The Democrats and a Debt-Ceiling Induced Market Panic
Nancy Pelosi is looking at a long winter of irrelevance. She knows her brand is broken, that she remains poison in the voters’ minds, and that many parts of her party wish she would do the decent thing and retire.
But she loved being Speaker, being the big boss, and no matter the utter catastrophe of her tenure, she accepts no responsibility for the fiascos of Obamacare, the stimulus, the vast deficits and Dodd-Frank. She just wants her gavel back.
It would take a miracle to retrieve it. Redistricting is helping the GOP in many places, and where it is hurting the Republicans it isn’t crushing them. No, it will take a miracle.
Or a crisis. In Nancy’s never-quite-rational mind she could easily be equating the fall of 2008 with the best of times, as a market panic destroyed John McCain’s campaign and brought President Obama and Democrats across the country a huge win.
In Pelosi’s “we have to pass the bill to see what’s in it” world, another financial crisis could be just the ticket back to the big chair int he front and center of the room and all that wonderful press attention, and the plane, and especially the deference.
So how to trigger the crisis? Insist on recovery-destroying tax hikes as part of a deficit deal, which the GOP will never agree to and which themselves would deliver another body blow to the jobs picture. But the demand will cause gridlock, and the gridlock a market panic or a GOP collapse. Pelosi and her team know that the Speaker and his team are woeful communicators, and have done little to try to shift the political burden for a fiasco onto the Democrats who still, in the face of rising unemployment and massive deficits, refuse to tackle the toughest issues of spending reduction.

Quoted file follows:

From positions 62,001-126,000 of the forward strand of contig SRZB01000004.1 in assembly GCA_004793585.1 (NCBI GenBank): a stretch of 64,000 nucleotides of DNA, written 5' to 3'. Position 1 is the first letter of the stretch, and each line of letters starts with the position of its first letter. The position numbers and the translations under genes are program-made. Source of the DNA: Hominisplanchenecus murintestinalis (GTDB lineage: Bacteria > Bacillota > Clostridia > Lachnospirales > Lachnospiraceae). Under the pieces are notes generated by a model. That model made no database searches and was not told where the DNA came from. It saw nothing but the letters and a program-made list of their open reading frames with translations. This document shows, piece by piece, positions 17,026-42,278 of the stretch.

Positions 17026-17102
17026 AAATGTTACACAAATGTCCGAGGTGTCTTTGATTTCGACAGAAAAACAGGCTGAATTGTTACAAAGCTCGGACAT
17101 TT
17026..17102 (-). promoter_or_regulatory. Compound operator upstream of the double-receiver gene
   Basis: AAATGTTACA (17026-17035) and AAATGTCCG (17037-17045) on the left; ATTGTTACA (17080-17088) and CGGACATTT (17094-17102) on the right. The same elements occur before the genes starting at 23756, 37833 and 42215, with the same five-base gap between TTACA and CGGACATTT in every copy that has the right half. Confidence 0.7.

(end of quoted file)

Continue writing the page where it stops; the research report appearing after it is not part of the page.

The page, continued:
Read Politico’s account of the debt ceiling negotiations all the way through to the end. There’s Pelosi’s last loyalist, Chris Van Hollen, opining this way:
Monday’s meeting at the Capitol dealt with health-care-related expenditures, but revenue was never far away as an issue.
“We’re slogging through some very tough issues. We’re getting in very serious conversations, trying to bear down on some big issues,” said Maryland Democratic Rep. Chris Van Hollen, ranking member on the Budget Committee. “And we’ve also made it very clear that any balanced deficit reduction plan has to include revenue – we got to get rid of the pork barrel and the tax code and special interest spending in the tax code.”
“That’s got to be part of any deficit reduction deal.”
So the Democrats demand what they know the GOP won’t give and which most sane economists know would be a disaster and the GOP says no, and the debt ceiling crisis arrives. The Beltway-Manhattan media elite have been busy defining the GOP as the obstacle to a deal, and the GOP has been doing the turtle-on-its-back imitation again, so the responsibility for the deadlock becomes a GOP rather than a Democratic burden, even though it is the Democrats who are refusing to do what the vast majority of Americans want, which is to deeply cut federal spending.
If a deadlock does develop, and if the markets do panic again as they did in the fall of 2008, Democrats will blame the GOP and the MSM will be a vast echo chamber for the charge. Pelosi will have her crisis and her comeback platform.
But only if the GOP leadership allows this storyline to develop. There is plenty of time to make the case for deep spending cuts, to show the map to the solution and to bring pressure to bear on the Democrats and to expose the demand for higher taxes as insanity. At a minimum the GOP ought to be demanding that Van Hollen and Joe Biden articulate what “revenue enhancements” they are asking for.
Somehow the GOP allowed itself to get talked into a gag rule on the key debates even as the MSM drums out the tax-hike message.
The House GOP remains in the grip of a “don’t communicate” strategy, even after the fiasco of the Continuing Resolutions and earlier bursts of support-killing insider politics. If this falls apart the conference will have to consider shaking up the leadership, but perhaps the leadership already knows that and is preparing a brilliant end-game strategy as we speak.
Or they might be golfing.